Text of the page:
I realize that this is a Trout Unlimited newsletter, but I have confession to make to all of you: I love to fish for more than just trout. Now don't get me wrong. Trout are fabulous, but I'll fish for just about anything that has fins. For me the list includes trout, salmon, steelhead, black bass, smallmouth bass, bluegill, shad and striped bass. I really love to fish for striped bass. If you haven't tried fishing for stripers yet, make this the season you get out and give it a go.
We are lucky because Andy Guibord, a local striped bass guru and fly tyer, works at Kiene's Fly Shop and has agreed to teach a class at our April meeting on tying flies for striper fishing the American River. I have had the good fortune to tie flies and fish with Andy and can guarantee he knows what he is talking about. Don't miss this chance to learn from one of Sacramento's best striped bass fisherman.
One of the most interesting professors I had at the university was a math instructor who was a little different than the rest. Truth be known he was a lot different than most of the professors I knew. While taking his class I came to respect and admire him and learned a great deal from him. The interesting thing is the most important lessons had absolutely nothing to do with math.
This particular professor had a habit of occasionally lecturing on things that had nothing to do with math and everything to do with life. One day he came in and started talking about California coastal redwoods. He told us the Latin name, some of the history of the tree and the threats that the tree faced. Most importantly he talked about his personal commitment to preserving coastal redwoods in his local area. The gist of his message was that he could not protect all of the redwoods everywhere, but he could protect the trees that were in his backyard, and that come hell or high water, that's what he intended to do. Now remember, this is a university math professor lecturing to a classroom full of 19 and 20 year old science and engineering students. He wanted us to be aware that we were going to need to make choices about how we were going to live our lives. His goal I think was to get us to realize we would need to make a difference, not just make a living.
My 20 year old son Isaac questions whether one person can really make a difference in the larger scheme of things. He and I have discussed (my wife might say argued) this point many times. As a father I hope that he comes to understand the power of individual action. I think my other son Joshua gets my point and maybe even believes me! Given that Joshua is 18 I regard that as something of an accomplishment.
You probably already know that TU was founded 50 years ago this year by a small group of people who believed they could make a difference in the direction of the watersheds they loved and fished. They acted on the belief that individuals who care can make a difference. When I look at all TU has accomplished in the past 50 years I'd say they have done pretty well.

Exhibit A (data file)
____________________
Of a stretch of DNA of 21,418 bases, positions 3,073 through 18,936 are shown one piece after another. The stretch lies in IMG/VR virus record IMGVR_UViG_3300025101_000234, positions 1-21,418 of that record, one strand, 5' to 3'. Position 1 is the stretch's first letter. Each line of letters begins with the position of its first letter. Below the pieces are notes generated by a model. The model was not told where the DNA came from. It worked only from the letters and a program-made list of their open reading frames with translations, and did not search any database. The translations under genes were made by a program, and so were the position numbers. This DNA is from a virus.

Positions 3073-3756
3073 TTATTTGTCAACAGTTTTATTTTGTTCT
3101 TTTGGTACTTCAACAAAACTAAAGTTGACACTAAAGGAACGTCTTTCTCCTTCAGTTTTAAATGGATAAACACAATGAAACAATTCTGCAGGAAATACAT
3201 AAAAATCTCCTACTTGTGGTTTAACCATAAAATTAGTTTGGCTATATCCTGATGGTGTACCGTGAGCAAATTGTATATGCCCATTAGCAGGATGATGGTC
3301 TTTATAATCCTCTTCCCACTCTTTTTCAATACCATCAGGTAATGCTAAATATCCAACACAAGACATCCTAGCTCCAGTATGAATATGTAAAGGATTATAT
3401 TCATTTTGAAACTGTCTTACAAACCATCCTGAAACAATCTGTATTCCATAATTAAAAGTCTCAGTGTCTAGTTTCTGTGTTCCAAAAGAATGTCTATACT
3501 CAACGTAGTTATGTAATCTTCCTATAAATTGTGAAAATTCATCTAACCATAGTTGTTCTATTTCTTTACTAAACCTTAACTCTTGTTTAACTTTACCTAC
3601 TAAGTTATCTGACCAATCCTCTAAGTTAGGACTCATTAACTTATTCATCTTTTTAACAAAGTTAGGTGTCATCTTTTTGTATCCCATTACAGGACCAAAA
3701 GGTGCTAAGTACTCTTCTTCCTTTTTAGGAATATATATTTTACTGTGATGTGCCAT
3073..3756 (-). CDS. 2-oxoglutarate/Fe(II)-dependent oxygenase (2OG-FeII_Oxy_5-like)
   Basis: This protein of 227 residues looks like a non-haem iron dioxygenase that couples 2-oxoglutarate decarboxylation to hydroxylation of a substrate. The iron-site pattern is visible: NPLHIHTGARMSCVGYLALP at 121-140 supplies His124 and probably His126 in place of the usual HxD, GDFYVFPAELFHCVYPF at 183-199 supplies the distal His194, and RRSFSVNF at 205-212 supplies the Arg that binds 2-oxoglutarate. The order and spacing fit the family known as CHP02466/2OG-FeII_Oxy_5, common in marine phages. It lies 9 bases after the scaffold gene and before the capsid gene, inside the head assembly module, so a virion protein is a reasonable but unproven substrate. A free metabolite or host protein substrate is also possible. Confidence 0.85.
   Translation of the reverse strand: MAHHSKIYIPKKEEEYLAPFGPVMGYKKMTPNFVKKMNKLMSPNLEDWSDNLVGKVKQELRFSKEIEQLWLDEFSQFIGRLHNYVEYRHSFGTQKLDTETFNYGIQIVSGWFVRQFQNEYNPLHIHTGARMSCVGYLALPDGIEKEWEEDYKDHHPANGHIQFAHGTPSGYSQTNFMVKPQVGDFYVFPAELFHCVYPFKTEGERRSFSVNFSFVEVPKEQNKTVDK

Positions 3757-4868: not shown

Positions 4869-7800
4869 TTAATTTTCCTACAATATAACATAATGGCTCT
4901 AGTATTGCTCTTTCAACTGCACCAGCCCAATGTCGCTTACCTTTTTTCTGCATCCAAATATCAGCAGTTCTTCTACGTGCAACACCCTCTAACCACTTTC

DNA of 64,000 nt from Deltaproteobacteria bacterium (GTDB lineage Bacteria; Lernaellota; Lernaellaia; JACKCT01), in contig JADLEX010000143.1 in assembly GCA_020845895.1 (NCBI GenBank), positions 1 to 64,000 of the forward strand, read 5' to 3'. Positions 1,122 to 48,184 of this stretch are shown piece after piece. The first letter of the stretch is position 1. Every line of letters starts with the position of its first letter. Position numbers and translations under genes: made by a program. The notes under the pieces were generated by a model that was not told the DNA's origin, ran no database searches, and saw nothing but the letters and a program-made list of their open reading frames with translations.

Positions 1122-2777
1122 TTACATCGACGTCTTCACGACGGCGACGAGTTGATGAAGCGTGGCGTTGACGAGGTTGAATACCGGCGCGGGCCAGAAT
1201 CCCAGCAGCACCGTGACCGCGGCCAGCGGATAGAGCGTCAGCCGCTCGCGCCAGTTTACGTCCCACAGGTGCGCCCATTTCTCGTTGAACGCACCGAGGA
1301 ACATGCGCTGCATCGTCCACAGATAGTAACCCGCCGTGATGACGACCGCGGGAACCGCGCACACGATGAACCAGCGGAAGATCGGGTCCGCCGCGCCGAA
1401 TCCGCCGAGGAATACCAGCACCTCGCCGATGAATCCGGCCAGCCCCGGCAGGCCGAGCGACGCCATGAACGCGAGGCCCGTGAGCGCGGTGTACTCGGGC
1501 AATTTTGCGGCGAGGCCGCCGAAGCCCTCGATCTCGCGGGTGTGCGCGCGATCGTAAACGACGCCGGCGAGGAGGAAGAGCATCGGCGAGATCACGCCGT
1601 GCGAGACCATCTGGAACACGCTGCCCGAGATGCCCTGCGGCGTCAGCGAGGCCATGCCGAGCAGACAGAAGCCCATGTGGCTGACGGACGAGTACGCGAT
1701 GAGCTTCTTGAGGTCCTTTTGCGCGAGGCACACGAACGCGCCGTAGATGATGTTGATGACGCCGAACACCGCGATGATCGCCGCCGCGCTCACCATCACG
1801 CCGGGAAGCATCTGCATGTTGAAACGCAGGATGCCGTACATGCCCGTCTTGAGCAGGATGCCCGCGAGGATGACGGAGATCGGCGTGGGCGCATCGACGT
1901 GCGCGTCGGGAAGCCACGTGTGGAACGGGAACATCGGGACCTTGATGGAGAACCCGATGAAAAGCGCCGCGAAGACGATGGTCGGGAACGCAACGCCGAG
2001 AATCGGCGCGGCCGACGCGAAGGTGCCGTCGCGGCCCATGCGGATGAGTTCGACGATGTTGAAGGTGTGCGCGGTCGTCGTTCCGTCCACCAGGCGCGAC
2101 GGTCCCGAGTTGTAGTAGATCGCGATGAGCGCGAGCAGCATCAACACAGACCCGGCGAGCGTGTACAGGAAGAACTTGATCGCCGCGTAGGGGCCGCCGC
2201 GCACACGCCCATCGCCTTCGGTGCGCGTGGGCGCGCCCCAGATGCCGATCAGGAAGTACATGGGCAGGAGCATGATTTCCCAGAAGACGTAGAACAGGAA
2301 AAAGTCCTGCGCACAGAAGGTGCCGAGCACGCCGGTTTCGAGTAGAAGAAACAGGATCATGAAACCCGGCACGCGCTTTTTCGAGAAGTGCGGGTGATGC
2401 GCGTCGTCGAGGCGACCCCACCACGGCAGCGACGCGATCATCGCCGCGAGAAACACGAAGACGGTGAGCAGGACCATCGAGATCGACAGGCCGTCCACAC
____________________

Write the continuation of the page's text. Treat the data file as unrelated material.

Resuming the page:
As I write this in mid-December, it's finally started to rain here in Sacramento. The cloudy, rainy days make me think about steelhead fishing and the plans that have already been made to chase these magnificent fish with Dan, my regular fishing partner.
I'm someone that needs a plan and a goal that I am actively working on in my life. Goals give focus to my energies and thoughts and give me something to work toward and dream about as I go about my daily life. I also believe it is important for organizations to have a plan and that it is effectively communicated to all members of the group. Trout Unlimited is all about coldwater fisheries conservation. The challenge for us is to translate that into concrete actions that we take in our region to protect and improve our local fisheries.
My first goal as President is to work with the other board members to develop and communicate an action plan for 2009 in the February newsletter. The plan will be simple with a few concrete goals where we can focus our thoughts, our energies and our efforts as a group. A primary focus of the plan will be to increase the number of hands-on conservation projects that the chapter is involved with. This will mean more opportunities for all of us to make a difference in our local watersheds. Look for more detailed information in next month's newsletter!!
In about 6 weeks the Chapter will celebrate its 2nd Anniversary, and I will be stepping down as president. Much of the hard and sometimes tedious administrative groundwork has been done and we're ready to expand our scope of activities to tasks that are much more fun – such as planning and conducting hands-on restoration activities, or just getting together at some fishin' hole and sharing ideas. I know it's stated above but now may be the time to repeat "We need your input and participation to help protect the fisheries". If you think the Chapter is moving too slow, or moving too fast, or headed in the wrong direction, or ?????, please volunteer to actively assist by making a commitment to serve on the Board or a committee for just 1 year (October 2008 – September 2009). On Page 2 are the current nominees for the election next month. Three of the highest priorities we have identified for committee activity are publicity, speaker's bureau, and conservation.